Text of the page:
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Footprints of Fayette

A Historical Column From The Fayette County 

Historical Commission and Fayette County Judge’s Office

 

Louisiana Brown Faison And Reconstruction

On May 9, 1870, Nathaniel W. “Nat” Faison lay propped in his bed at 822 S. Jefferson in La Grange, using an atlas as a writing surface. Composing a letter to his brother, Peter, Nat explained that he hadn’t been perfectly well for two years. Unfortunately, he had been attacked with rheumatism and had been bedridden since March 5.

The letter failed to mention that he had sold his house to freedwoman Louisiana “Lou” Brown, his mulatto housekeeper, on April 2, 1870, for $5. The next day Nat wrote his will, leaving Lou $3,000 in gold coin.  

By June 14, 1870, Peter must have learned how sick Nat was and of the contents of the will, because Nat made a codicil to the will giving Peter $1,000 in gold coin and Lou $2,000. On June 29, Nat passed away.

Ultimately Peter prevailed and bought the house on Nov. 23, 1872.

Why did this woman, who went by the last name of Faison for the rest of her life, sell the house to Peter? While we will never know, her decision was no doubt influenced by the social and political realities after the Civil War.

Being African American in Texas during reconstruction was a dangerous proposition. Whites murdered blacks, and most local law enforcement agencies did nothing. Unjust treatment was the norm rather than the exception.   Additionally, without land of their own, many freedmen were forced to work as tenant farmers.

Soon protections afforded by Union occupation evaporated. The Freedmen’s Bureau, a branch of the U.S. Army, was shuttered in 1870 when Texas was re-admitted to the union. The bureau worked to educate African Americans and intervened in situations where they were being treated unjustly.

The Democratic party, mostly composed of Confederate supporters, gained control of the Texas House of Representatives in 1872 and took control of the Thirteenth Legislature which began its session in January 1873. The Thirteenth Legislature abolished the state police on April 22, 1873. This group arrested offenders when local law officers failed to do so.

So, perhaps seeing that she would no longer be afforded legal protection, Lou sold. However, she did not go away empty-handed. The shrewd woman, who was illiterate and signed with an “x,” made real estate deals anyone would admire.  

She sold the house to Peter for $3,000 in gold even though Nat had bought the house in 1866 for $1,800. Moreover, the day before the sale, she purchased three town lots and the homestead of a white man, W.W. Little, for $1,860. Little had witnessed Nat’s will and helped appraise his estate.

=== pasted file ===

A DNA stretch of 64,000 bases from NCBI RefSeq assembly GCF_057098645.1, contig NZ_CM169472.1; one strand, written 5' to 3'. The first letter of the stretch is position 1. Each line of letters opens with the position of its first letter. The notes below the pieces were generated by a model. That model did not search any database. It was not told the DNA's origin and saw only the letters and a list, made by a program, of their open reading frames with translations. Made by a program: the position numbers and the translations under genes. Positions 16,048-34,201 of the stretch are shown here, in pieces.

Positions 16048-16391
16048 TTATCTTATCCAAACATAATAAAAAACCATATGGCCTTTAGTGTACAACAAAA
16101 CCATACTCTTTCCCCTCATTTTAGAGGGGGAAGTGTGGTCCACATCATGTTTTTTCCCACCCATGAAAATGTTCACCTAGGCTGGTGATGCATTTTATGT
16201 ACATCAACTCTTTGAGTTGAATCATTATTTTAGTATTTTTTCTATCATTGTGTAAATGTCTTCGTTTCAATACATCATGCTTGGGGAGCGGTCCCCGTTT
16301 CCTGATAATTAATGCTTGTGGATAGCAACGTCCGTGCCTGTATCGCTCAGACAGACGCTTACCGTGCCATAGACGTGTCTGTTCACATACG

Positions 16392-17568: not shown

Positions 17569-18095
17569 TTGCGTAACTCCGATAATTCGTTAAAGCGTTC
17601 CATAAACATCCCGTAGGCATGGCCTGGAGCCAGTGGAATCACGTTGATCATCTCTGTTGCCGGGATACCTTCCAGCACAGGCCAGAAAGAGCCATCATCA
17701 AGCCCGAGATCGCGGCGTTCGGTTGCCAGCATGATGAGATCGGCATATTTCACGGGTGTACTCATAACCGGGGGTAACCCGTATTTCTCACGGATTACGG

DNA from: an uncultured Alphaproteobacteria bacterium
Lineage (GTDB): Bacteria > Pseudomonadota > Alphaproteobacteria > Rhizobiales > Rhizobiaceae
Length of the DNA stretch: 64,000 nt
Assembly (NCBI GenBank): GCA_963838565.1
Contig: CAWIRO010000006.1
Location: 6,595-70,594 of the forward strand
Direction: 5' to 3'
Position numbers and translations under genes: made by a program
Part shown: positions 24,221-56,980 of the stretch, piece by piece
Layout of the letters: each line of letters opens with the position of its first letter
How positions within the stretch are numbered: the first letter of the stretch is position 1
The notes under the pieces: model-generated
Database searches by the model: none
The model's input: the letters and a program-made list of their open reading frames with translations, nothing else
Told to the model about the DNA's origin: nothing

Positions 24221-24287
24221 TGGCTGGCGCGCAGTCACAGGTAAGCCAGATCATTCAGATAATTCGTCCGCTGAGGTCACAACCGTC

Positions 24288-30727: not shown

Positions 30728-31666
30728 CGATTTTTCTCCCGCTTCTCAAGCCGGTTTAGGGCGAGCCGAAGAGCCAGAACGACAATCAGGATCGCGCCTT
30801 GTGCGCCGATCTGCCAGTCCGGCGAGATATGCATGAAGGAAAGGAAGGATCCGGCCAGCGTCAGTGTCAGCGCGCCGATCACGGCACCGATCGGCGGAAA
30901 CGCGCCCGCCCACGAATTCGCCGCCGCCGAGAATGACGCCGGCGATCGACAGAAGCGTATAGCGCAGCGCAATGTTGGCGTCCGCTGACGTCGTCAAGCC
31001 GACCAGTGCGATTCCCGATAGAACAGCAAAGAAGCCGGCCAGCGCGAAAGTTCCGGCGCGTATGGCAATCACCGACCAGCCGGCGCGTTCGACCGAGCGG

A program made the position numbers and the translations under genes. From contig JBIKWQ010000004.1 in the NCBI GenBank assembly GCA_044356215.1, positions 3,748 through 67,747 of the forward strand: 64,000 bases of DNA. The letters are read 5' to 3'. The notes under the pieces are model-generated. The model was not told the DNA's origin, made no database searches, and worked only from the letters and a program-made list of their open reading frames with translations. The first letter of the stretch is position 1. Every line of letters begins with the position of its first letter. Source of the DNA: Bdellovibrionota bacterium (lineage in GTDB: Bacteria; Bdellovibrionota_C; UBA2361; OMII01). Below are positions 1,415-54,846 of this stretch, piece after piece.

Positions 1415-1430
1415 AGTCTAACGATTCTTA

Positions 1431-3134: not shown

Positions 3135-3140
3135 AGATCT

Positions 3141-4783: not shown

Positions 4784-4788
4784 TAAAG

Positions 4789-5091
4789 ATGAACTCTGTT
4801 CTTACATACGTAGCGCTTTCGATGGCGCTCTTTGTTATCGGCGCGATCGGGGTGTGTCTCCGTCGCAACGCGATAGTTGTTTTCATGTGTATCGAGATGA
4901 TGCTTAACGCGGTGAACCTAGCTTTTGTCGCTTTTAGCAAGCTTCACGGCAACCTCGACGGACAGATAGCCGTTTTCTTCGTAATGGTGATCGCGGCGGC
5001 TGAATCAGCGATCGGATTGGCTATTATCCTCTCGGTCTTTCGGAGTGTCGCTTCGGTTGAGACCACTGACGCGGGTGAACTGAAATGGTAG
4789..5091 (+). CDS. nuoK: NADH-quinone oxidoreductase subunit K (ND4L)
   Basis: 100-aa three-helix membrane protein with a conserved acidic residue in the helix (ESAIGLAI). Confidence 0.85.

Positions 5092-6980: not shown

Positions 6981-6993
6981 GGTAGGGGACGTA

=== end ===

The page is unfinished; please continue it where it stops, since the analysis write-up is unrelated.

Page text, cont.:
In 1890, she sold her home for $2,000 and moved north of town to Pearl and Jackson streets, where she bought a residence for $600. Then, in 1895, she gave part of this property to Lizzie Blair Moore who had either lived with Lou or next to Lou since Nat died. She gave it for her love and affection and to provide Lizzie with a home. Lou stipulated it was to be Lizzie’s separate property and not to belong to Lizzie’s husband. On Dec. 1, 1905, she gave the rest of her property to Delany and Eva Sanford in return that they “support, maintain and take care of me for and during the remainder of my natural life.”

Lou died sometime before the 1910 census was taken. Her exact burial site is unknown.

References

About Texas Succession, accessed Feb. 6, 2019, https://www.tsl.texas.gov/ref/abouttx/secession/index.html.

Ann Patton Baenziger, “The Texas State Police during Reconstruction: A Reexamination,” Southwestern Historical Quarterly 72 (April 1969). William T. Field, Jr., “The Texas State Police, 1870–1873,” Texas Military History 5 (Fall 1965).

Deeds obtained from the Faison Preservation Society collection.

Handbook of Texas Online, Carl H. Moneyhon, “Reconstruction,” accessed Feb. 6, 2019,http://www.tshaonline.org/handbook/online/articles/mzr01.  Uploaded on June 15, 2010. Modified on Jan. 30, 2017. Published by the Texas State Historical Association. 

Handbook of Texas Online, Cecil Harper Jr., “Freedmen’s Bureau,” accessed Feb. 6, 2019,http://www.tshaonline.org/handbook/online/articles/ncf01.  Uploaded on June 12, 2010. Modified on July 25, 2016. Published by the Texas State Historical Association.

Letter from N.W. Faison to Peter Faison dated May 9, 1870.  Fayette Public Library, Fayette Heritage Museum & Archives.

Thirteenth Texas Legislature accessed Feb. 6, 2019, https://en.wikipedia.org/wiki/Thirteenth_Texas_Legislature

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